Archive for the ‘Formulaic language’ Category

Two linguistics cartoons

September 28, 2014

… in the latest (9/29/14) New Yorker: a Zach Kanin on writing systems and a Joe Dator with a snow cone snowclone:

(#1)

(#2)

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Bad to the Bone

September 22, 2014

Today’s Zits:

Ah the young, failing to appreciate musical history!

The video, with George Thorogood and the Destroyers: https://www.youtube.com/watch?v=_7VsoxT_FUY

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Three from New Scientist

September 4, 2014

From the 8/30/14 New Scientist, three stories: one with a piece of technical terminology I hadn’t heard before, and two perfectly straightforward stories (on the mapping of Antarctic Ocean life and on the mating customs of the giraffe weevil) with some language play that’s characteristic of much science writing.

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Bizarro followup

August 29, 2014

Posting yesterday on that day’s Bizarro, with only minimal commentary on it. Now a follow-up on two topics: what you have to know to make sense of what’s going on in the cartoon; and what makes it funny.

The cartoon repeated here:

 

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Abs of the week

August 19, 2014

… plus a kilt and an implied (sort of) apology:

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Clickbait schemes

July 17, 2014

Andras Kornai wrote me on Tuesday to comment on a prominent pattern he’d seen in online clickbaiting, exemplified by:

You Won’t Believe What This Cop Did When The Cameras WEREN’T Rolling. WOW!

Man Attempts To Hug a Wild Lion. What Happens Next Stunned Me

He’s collected hundreds of similar examples and wondered whether others had noticed the pattern (many have in fact been annoyed by it) and whether it had gotten a name (not so far as I know). In this particular schema, the “hook” is an expression of astonishment or surprise, which can be expressed in a number of ways, referring to the reader (“you won’t believe”, “you’ll be amazed”) or to the presumed writer (“… stunned me”, “I couldn’t believe”), in a variety of syntactic constructions. As a temporary expedient, I’ll refer to this as the SURPRISE! clickbait scheme.

The scheme is “semi-formulaic”, in a way that’s reminiscent of the precursors to snowclones (see “The natural history of snowclones”, here): a culturally significant idea is given a number of formulations; one version achieves special status (in a formula); and then this formula serves as a template for new expressions. The SURPRISE! scheme hasn’t yet crystallized as a formula, but it’s nevertheless recognizable by its form(s) and functions.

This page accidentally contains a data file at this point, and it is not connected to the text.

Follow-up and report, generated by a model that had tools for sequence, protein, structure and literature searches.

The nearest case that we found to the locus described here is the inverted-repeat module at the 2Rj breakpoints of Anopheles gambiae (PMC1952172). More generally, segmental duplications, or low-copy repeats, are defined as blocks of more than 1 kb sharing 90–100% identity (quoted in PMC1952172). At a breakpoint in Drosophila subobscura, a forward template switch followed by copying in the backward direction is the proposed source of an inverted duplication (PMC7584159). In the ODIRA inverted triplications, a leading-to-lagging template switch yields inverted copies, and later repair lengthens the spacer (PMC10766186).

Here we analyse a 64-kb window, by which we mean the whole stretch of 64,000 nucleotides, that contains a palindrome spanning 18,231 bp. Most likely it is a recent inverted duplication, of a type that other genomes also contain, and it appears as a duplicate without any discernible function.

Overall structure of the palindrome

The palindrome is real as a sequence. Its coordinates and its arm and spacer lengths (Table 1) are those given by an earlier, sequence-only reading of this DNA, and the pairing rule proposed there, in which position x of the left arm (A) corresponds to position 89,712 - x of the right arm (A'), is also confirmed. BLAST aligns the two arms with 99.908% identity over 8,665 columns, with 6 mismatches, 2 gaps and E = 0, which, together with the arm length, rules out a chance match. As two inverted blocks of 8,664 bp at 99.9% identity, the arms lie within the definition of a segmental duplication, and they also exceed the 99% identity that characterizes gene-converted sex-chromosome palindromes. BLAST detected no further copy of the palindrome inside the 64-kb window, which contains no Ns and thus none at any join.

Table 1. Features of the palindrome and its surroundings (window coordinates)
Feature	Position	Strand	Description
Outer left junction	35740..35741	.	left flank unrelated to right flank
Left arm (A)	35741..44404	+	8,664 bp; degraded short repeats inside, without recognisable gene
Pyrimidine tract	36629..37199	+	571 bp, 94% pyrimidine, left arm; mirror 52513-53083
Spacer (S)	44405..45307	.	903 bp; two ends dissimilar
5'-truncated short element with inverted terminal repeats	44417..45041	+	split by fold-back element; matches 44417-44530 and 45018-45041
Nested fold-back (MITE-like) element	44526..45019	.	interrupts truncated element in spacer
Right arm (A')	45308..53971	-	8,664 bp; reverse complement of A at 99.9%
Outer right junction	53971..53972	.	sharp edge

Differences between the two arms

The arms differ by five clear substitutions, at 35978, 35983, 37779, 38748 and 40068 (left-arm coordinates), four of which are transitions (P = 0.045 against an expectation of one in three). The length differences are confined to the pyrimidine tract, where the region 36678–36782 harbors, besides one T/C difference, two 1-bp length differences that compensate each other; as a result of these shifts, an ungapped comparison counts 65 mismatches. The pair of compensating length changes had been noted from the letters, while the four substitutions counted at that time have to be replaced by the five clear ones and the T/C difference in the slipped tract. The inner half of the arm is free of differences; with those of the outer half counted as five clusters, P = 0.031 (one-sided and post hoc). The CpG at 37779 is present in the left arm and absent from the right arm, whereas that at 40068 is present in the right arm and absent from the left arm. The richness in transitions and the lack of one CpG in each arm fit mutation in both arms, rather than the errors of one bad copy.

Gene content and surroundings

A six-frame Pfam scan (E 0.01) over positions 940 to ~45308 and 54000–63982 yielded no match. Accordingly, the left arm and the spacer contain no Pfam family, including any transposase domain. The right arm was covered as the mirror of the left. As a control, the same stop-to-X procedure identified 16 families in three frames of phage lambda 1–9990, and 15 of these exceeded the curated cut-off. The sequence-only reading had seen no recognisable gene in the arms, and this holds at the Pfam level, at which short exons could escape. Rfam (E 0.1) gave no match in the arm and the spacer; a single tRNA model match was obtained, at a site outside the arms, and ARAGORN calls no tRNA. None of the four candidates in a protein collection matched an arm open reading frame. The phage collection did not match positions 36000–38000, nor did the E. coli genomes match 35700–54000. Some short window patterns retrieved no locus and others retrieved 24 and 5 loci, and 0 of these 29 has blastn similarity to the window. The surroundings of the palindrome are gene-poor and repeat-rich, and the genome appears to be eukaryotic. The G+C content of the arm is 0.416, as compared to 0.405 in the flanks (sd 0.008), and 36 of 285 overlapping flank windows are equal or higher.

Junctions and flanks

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Anemone pun

July 1, 2014

Today’s Mother Goose and Grimm:

Mistaken anemone for mistaken identity. Phonologically distant, but interpretable because mistaken identity is an idiom, a formulaic expression, which is, moreover, appropriate to the context of the cartoon.

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Four for the fourth

June 5, 2014

My morning mail on Wednesday the 4th brought me six suitable cartoons for this blog. Two I have already posted about: a Doonesbury with Duke hallucinating a lizard; and a Bizarro with a diner asking for eggs without any sense of style. The others: a One Big Happy on the attractions of “diet” versions of foods; a Zits on hearing and listening; a Zippy with (among other things) more better; and a Mother Goose and Grimm with a symbolic ambiguity.

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Threesies

May 29, 2014

From Bob Mankoff’s How About Never …  (see here), p. 255, on Mankoff’s effort to give “aspiring cartoonists feedback” by “developing a mini course in cartoon fundamentals and the psychology of humor.” One course topic: “things are funnier in threes”.

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Formulaic: Zippy, OBH

May 4, 2014

Two Sunday cartoons touching on formulaic language: a Zippy with clichés, a One Big Happy with a familiar quotation in a German accent:

(#1)

The line between clichés and idioms is not always clear (and I’m not at all sure that making the distinction clearer would be particularly useful): I’d class have a frog in one’s throat and zip your lip, for instance, as idioms.

(#2)

The German heavy from a bad movie, with a standard line.


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